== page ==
Then I learned what an technology accelerator was, and I started applying to every accelerator I could. When we were talking to the investment community in Florida, they didn’t understand and didn’t have tolerance for investments in technology companies. They liked real estate. We ended up getting accepted to the NewME accelerator, and that’s where we raised our first seed round of $950,000, or close to a million dollars.
That's a hell of a lot of money.
It was dope, it was great that we got the business to the point that other people started seeing the value, because of our growth and the amount of customers we had. We didn’t go into this with an idea and expected people to invest in it, but we always had numbers and metrics to prove that we were building something that was needed, and solving a problem that people would pay us for. We did it at a small scale, but it was enough to convince investors that it was a real business, not just smoke and mirrors.
Did you get pushback because you're a former prisoner?
Not everyone got it. I talked to about 60 different investors, and we only had six when it was all said and done. Some people said that they couldn’t wrap their brain around investing in a felon—those things happened and came up several times, but we had to keep working and pushing through it.
How did you tell investors you're an ex-felon?
I wasn't sure how to package my prior experience, I wasn’t sure if that was something I should lead with, or if that was something that should come up in a meeting. What I realized was that my experience makes my story unique, and it means I can execute it when no one else can, because I have a deep level of understanding. That’s my advantage. Once I thought that way, that’s when I realized I should lead with it. Especially when it comes to technology, those unique experiences and backgrounds give you an edge.
The name, Pigeonly, how did you choose that?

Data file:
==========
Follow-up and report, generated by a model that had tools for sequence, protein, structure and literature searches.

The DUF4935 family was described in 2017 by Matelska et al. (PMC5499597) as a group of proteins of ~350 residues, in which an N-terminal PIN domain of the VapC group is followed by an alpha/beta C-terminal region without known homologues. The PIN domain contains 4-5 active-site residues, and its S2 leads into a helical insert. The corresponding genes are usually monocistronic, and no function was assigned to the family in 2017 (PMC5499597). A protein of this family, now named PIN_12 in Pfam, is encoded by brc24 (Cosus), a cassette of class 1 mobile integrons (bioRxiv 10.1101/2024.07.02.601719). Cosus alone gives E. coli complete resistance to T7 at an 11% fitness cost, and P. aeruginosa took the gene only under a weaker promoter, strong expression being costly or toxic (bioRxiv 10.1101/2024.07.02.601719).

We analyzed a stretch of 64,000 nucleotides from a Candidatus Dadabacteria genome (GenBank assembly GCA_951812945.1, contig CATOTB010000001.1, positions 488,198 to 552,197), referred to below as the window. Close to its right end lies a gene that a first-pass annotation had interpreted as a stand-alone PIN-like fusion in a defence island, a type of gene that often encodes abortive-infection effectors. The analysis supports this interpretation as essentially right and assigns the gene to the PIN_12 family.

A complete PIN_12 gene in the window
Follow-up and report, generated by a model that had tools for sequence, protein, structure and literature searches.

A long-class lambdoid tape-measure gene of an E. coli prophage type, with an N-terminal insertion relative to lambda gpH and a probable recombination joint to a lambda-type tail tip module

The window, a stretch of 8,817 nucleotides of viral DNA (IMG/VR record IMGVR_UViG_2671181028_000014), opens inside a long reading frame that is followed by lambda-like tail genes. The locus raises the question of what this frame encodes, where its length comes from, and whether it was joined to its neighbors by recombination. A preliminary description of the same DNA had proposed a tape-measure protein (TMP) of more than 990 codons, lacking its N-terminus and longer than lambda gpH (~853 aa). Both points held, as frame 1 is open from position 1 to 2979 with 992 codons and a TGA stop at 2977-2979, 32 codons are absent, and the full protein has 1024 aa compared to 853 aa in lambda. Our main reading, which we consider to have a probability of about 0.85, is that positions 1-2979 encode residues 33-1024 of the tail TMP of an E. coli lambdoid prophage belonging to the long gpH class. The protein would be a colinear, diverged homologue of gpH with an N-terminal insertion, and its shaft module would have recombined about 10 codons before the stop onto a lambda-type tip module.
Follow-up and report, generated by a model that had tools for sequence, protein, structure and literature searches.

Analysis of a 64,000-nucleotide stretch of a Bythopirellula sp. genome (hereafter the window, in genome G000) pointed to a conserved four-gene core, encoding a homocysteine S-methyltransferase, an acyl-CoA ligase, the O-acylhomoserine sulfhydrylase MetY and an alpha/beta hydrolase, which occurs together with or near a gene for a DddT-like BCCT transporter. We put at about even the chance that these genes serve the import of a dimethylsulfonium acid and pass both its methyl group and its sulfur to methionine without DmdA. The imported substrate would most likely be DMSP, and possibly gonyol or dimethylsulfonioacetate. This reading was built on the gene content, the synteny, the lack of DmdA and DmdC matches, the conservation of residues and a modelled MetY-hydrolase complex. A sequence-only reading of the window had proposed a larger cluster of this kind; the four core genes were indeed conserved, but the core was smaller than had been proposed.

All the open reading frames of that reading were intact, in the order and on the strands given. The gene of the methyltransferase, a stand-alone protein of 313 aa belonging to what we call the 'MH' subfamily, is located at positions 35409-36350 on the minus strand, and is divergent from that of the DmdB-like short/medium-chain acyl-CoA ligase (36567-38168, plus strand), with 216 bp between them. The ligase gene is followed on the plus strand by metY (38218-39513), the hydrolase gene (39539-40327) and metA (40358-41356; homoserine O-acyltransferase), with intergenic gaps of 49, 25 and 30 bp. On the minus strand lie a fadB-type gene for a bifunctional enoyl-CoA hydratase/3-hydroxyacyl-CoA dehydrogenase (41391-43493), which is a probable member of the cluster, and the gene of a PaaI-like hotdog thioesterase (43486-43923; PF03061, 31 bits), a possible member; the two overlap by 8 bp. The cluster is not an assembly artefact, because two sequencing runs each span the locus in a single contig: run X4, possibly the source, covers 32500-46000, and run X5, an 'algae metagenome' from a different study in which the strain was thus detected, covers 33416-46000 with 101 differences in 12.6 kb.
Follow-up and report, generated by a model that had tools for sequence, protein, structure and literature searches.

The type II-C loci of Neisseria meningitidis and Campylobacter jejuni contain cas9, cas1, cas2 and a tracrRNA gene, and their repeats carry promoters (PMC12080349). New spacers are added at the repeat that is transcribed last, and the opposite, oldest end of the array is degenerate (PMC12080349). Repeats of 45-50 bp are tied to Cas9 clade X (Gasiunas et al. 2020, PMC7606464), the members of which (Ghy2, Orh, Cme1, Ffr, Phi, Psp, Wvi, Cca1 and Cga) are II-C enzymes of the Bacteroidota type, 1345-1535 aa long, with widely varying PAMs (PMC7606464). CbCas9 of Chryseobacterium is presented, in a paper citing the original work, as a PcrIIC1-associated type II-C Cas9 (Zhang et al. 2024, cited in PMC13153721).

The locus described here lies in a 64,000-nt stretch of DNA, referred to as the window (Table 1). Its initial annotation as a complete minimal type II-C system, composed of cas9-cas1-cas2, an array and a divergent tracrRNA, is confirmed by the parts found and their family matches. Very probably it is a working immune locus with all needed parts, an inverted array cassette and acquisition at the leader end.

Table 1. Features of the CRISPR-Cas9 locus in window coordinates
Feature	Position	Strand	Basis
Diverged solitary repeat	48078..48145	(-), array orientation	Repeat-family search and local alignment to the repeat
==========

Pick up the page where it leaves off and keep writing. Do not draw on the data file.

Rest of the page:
Things that are familiar go unnoticed the most. When is the last time you noticed a pigeon? They're literally everywhere. We build products for those who go unnoticed, those no one else is paying attention to.
How many employees does the startup have today?
We have 20.
Would you consider hiring other felons?
About a third of our workforce are people with criminal histories. We have engineers, customer service specialists, management—across the board. The one thing that people don’t understand is that there are two types of people in prison: there’s the guy who generally doesn't care and has no idea or ambition to change his life, but that’s the minority of who’s in prison. That’s the super minority. The much larger majority of people being released are people who want to find a better way for themselves and for the families who care about them.
You had a window-tinting company before your marijuana business, so you had a run at entrepreneurship before, but running a startup is a new frontier.
It’s constantly doing something that you never have enough resources to do. It’s always about being creative; it’s always about how I’m trying to leverage everything you can possibly leverage, because you’ll never have enough money. You never have enough people. But it’s great, you’re doing what you love to do every day, and I am the master of my own fate. I prefer those cards to having to depend on someone else giving me an opportunity, especially being an ex-felon. I would hate to be in the position where I have to check the box where it says I’ve been convicted of a crime, that I can’t get a job or my options to seek employment are at a minimum because of that. I’d rather create my own opportunities.
I have to ask, with the skills you’ve taken on, considering your past with marijuana and how the country seems to be more relaxed with it—would you consider creating a startup that focuses on marijuana?
Absolutely, of course. [Laughs.] It’s one of those things, where, just because it’s being relaxed on the state level, ain’t shit relaxed on the federal level. So, the federal system knows me very well. For me to even come close to considering it? I would need to be relaxed with it being legal on the federal level before I can even be near something like that. [Laughs.] I ain’t gonna make it that easy for 'em—they gotta work to get me again!